We have combined isothermal deep-level transient spectroscopy (IT-DLTS) technique with the application of uniaxial compressive stress along ⟨111⟩ direction to study the effect of stress on the electronic state of a platinum-dihydrogen complex in Si and the kinetics of charge-state-dependent motion of hydrogen around the Pt atom during stress-induced reorientation. We have found that the application of stress splits the IT-DLTS peak into two components and the electronic energy of the short-time component increases linearly with ⟨111⟩ compressive stress as 35±4meV/GPa, indicating antibonding character. We have also studied the reorientation kinetics of the complex under the applied stress, and have found that the defect aligned at 78-88 K in the configuration with the smallest activation energy of the level only when the level was not occupied by an electron. This indicates a clear charge-state effect on the local motion of hydrogen around the Pt atom, that is, hydrogen is mobile only in the singly negative charge state of the complex. We have estimated an activation energy 0.27 eV for the hydrogen motion around the Pt atom under a stress of 0.6 GPa. We have examined three structural models, among which a model where the two hydrogen atoms are directly bonded to the platinum atom may be the most plausible candidate. In this structure, defect reorientation needs no bond switching but only the rotation of the whole Pt−H2 entity. A possible mechanism of the charge-state-dependent reorientation observed may be that if the electronic state with antibonding character is occupied by an electron, the two hydrogen atoms may be displaced outward, probably retarding their motion for the reorientation.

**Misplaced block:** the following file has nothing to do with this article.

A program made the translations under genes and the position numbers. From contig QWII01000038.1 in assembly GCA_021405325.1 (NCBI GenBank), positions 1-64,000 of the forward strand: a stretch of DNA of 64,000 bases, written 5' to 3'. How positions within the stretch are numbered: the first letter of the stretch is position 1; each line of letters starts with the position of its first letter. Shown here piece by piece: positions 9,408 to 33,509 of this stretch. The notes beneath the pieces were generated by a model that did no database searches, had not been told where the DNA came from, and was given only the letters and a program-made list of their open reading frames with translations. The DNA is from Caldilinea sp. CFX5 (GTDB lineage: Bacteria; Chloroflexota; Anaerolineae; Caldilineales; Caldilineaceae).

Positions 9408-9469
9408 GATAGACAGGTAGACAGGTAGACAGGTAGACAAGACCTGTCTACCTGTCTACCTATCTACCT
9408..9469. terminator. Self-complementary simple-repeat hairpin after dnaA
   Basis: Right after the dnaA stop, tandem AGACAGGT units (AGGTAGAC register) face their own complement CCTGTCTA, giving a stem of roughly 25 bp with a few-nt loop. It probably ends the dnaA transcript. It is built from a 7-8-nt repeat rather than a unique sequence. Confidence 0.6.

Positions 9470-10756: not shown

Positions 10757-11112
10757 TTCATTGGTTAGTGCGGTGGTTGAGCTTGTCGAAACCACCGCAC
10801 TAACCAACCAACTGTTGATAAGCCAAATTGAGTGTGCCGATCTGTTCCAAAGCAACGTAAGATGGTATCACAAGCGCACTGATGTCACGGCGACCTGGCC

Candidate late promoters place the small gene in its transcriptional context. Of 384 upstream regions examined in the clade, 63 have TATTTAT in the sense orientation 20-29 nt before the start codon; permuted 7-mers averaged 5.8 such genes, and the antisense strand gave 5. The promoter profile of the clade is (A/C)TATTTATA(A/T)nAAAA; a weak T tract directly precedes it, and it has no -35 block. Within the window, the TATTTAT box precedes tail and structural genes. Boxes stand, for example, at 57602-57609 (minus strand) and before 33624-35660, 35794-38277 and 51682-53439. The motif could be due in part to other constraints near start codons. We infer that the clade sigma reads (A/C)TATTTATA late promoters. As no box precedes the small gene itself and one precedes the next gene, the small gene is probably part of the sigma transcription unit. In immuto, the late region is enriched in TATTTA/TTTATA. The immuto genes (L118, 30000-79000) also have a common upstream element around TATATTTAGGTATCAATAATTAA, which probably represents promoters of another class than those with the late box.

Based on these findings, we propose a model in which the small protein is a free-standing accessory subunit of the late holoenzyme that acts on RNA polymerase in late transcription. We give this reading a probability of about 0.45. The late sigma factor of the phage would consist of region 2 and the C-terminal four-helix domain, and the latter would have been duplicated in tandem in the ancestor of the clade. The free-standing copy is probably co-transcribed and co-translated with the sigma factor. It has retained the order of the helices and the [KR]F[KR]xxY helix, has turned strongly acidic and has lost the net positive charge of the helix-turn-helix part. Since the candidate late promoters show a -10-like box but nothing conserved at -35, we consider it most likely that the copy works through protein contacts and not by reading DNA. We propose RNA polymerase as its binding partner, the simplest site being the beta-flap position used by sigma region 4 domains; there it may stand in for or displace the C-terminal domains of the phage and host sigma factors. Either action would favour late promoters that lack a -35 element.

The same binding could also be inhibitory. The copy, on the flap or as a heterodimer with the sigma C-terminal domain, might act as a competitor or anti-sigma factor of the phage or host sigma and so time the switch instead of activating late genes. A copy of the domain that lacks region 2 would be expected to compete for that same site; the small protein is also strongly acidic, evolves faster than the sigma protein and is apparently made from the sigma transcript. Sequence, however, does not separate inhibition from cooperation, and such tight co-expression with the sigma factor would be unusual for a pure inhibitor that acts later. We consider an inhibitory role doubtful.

|Journal||Physical Review B - Condensed Matter and Materials Physics|
|Publication status||Published - Jan 28 2004|
ASJC Scopus subject areas
- Electronic, Optical and Magnetic Materials
- Condensed Matter Physics